In an admittedly non-journalistic article posted on Re/code by Mike Gault, the CEO of a company who’s product is “industrial scale blockchain”, writes a good overview of what blockchain is.

A blockchain is essentially just a record, or ledger, of digital events – one that’s “distributed,” or shared between many different parties. It can only be updated by consensus of a majority of the participants in the system. And, once entered, information can never be erased.

In addition to introducing the technology, Gault tries to make the argument that we can trust our most personal and intimate information to systems based on blockchain without worrying about privacy. I’m still skeptical.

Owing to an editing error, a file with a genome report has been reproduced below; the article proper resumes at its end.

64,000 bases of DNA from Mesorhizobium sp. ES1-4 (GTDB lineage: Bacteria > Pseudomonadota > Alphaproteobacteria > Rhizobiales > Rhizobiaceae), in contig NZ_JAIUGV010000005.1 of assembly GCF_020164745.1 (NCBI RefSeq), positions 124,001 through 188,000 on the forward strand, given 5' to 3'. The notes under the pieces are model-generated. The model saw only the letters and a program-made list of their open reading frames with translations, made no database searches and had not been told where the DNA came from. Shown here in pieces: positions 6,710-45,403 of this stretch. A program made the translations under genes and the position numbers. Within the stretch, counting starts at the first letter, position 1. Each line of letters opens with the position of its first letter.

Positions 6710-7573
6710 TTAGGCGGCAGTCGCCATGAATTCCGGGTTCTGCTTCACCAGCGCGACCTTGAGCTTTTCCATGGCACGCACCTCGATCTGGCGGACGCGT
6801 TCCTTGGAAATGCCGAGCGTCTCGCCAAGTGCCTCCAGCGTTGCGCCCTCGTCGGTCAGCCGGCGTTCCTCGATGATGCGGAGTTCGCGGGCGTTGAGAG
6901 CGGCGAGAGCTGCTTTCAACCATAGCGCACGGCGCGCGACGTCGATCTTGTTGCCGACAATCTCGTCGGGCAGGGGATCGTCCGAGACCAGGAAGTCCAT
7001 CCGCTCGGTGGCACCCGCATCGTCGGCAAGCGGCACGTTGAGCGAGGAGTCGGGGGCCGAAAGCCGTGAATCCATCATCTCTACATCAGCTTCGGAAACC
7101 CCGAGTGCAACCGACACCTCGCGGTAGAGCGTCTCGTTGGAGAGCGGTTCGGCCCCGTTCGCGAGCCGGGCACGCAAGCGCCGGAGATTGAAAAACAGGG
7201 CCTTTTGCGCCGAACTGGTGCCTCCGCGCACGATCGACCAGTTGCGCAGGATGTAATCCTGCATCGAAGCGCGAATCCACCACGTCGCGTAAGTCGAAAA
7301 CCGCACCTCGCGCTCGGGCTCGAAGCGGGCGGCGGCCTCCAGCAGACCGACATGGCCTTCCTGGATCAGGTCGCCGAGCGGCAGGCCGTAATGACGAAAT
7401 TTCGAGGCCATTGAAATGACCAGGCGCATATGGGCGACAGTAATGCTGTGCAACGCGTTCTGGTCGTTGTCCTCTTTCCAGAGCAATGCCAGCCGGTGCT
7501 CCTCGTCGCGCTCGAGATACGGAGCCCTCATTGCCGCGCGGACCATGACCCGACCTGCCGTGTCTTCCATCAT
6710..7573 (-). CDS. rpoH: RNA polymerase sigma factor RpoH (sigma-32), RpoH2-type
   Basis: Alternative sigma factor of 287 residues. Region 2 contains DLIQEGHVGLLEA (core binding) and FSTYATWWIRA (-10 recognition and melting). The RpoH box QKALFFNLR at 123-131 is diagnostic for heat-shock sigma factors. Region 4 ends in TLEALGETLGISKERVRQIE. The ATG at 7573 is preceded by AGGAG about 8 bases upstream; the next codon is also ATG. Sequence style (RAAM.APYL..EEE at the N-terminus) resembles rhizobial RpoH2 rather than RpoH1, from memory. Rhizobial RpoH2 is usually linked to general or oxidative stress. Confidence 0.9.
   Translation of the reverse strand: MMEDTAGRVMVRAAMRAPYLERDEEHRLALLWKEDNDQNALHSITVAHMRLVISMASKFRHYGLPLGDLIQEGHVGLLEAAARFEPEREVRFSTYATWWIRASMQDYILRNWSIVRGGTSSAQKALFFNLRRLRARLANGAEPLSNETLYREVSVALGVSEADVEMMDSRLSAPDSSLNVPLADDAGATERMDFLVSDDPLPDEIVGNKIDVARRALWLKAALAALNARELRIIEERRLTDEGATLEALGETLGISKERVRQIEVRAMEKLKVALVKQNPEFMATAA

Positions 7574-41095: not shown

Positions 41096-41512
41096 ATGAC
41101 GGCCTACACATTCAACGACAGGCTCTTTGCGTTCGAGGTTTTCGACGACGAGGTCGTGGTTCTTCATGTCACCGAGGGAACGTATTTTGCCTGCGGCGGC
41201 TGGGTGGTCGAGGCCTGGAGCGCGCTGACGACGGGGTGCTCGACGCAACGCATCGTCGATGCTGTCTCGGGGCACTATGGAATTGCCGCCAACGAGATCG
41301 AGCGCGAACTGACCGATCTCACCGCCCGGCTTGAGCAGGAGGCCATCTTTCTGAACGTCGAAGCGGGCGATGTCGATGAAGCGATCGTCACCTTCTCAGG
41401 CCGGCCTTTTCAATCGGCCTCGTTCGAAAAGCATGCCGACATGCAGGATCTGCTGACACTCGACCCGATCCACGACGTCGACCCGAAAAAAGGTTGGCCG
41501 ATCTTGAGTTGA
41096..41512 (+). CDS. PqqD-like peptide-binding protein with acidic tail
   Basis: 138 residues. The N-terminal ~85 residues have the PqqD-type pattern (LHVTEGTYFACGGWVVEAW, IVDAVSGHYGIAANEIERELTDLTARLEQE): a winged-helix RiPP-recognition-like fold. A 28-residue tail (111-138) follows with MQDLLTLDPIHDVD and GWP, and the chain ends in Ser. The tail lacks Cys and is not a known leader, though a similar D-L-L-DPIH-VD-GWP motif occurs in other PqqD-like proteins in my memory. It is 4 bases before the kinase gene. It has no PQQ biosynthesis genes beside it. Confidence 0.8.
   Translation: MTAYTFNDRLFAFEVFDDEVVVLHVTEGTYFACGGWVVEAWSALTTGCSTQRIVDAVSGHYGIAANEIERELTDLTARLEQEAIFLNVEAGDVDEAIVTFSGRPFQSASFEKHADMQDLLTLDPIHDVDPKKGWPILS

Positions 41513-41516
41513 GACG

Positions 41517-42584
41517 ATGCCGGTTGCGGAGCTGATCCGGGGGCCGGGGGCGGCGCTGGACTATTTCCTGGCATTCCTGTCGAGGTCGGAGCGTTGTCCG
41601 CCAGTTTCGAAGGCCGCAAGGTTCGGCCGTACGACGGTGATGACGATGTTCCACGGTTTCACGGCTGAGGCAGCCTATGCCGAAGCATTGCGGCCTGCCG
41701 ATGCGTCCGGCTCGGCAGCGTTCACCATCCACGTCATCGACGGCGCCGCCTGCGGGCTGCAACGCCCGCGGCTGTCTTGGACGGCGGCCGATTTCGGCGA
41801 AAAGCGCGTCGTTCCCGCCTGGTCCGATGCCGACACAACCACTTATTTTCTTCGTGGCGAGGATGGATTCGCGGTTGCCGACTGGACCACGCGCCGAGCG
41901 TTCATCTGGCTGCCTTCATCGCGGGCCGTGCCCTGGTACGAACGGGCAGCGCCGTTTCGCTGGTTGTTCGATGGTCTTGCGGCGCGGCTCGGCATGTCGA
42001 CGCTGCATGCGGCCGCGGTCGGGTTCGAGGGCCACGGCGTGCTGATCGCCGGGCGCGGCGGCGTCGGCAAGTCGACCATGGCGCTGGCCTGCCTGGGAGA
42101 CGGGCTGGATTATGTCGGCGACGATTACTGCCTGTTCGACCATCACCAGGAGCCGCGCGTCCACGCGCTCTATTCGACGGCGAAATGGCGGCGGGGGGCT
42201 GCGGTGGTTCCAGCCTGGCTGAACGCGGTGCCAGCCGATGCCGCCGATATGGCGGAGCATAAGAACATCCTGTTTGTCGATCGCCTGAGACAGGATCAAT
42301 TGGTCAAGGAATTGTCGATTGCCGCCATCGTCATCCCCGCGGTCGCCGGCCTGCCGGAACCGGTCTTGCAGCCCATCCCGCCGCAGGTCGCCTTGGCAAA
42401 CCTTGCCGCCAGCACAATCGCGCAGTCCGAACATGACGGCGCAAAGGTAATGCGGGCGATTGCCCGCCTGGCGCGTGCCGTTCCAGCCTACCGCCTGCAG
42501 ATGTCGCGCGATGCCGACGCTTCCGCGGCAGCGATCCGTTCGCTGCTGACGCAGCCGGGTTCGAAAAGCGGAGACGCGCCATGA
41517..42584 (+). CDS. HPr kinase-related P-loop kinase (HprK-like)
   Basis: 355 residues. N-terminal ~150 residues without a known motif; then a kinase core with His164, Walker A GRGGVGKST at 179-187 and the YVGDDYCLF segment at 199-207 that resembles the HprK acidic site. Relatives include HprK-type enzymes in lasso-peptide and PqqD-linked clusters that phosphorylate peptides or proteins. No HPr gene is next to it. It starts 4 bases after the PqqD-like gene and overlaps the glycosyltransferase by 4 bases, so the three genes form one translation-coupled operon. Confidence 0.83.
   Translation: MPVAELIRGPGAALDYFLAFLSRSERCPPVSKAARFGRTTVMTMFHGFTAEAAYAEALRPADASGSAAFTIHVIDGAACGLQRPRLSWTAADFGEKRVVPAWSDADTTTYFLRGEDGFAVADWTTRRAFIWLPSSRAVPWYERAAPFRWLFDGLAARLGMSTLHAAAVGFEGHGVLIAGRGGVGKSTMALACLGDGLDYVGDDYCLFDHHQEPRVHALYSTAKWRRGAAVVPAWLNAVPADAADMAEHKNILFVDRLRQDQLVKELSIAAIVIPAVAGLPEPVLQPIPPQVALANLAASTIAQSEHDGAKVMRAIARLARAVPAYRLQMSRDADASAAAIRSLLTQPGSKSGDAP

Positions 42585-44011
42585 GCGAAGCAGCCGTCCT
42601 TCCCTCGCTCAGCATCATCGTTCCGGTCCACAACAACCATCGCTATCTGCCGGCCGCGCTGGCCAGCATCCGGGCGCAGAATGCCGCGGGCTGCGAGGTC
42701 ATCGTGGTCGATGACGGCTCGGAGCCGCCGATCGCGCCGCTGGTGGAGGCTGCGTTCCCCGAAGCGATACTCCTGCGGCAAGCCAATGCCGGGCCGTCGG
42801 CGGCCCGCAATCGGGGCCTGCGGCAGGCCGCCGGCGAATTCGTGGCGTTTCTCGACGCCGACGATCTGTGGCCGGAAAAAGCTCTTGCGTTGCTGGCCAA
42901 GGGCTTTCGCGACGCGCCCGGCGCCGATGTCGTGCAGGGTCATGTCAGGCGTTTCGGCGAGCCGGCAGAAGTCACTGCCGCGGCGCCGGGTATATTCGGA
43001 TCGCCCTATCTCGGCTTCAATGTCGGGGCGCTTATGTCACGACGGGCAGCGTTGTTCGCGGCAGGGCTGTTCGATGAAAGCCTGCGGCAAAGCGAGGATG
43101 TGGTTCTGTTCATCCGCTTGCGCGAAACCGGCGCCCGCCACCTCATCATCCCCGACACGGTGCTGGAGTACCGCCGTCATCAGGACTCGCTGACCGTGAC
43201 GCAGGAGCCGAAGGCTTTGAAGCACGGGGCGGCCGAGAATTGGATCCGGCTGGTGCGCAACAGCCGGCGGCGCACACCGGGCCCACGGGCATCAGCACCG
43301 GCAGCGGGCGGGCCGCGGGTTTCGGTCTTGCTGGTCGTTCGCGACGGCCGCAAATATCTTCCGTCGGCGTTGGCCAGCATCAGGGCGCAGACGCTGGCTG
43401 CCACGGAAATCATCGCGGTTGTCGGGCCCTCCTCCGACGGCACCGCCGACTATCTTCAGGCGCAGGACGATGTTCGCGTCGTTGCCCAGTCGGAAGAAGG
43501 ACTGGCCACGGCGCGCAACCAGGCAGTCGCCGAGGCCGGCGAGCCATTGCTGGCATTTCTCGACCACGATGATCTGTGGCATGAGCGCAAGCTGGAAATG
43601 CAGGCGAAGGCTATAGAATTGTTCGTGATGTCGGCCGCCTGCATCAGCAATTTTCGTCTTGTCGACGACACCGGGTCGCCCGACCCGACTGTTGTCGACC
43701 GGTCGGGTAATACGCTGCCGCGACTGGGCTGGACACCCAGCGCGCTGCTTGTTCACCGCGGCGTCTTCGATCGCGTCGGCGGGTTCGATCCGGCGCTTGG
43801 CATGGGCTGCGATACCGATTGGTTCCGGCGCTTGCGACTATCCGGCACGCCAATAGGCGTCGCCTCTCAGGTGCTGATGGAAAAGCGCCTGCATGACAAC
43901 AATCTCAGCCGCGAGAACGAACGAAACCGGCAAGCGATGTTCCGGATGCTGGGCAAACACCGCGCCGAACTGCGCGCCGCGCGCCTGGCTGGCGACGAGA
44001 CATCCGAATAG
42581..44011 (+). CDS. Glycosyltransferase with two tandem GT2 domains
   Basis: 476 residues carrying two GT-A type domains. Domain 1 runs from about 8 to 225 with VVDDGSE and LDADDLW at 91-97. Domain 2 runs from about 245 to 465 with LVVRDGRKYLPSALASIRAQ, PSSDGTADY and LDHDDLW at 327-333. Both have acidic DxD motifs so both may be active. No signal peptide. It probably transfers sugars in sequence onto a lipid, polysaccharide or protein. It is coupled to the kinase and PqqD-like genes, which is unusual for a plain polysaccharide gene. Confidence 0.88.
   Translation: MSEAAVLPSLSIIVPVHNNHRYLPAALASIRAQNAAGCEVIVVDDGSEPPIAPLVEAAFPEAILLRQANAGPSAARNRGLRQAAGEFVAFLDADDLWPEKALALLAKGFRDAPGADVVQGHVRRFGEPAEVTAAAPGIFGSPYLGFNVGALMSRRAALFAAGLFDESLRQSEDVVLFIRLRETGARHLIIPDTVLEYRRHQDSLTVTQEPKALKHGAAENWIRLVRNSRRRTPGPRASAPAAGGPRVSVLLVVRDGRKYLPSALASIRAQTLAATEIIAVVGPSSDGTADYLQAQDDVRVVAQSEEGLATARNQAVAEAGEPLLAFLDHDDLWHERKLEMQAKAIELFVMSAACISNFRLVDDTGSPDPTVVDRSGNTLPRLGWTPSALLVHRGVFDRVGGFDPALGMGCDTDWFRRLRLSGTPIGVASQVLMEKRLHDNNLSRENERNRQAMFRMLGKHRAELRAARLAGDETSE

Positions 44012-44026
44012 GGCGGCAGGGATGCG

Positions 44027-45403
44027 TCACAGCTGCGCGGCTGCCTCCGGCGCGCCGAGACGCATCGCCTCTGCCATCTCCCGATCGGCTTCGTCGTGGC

Steve Cheney wrote about System Wide Network Effects in Mobile and mentions blockchain:

System wide network effects are network effects that take hold when adjacent parts of an overall system are built out–e.g. smartphones, wearables, sensor networks, new physical layers, blockchain etc. Network effects at these layers are incredibly powerful as they effectively unlock compounded value from previous layers that was ready to be extracted. For example, for your smart device to provide accurate indoor context, a developer-friendly sensor / location stack needs to be built out.

His article is a little rough around the edges but the core concept of network effects being present and compounded as technologies build on existing technologies (one layer building on another) is an interesting idea to ponder.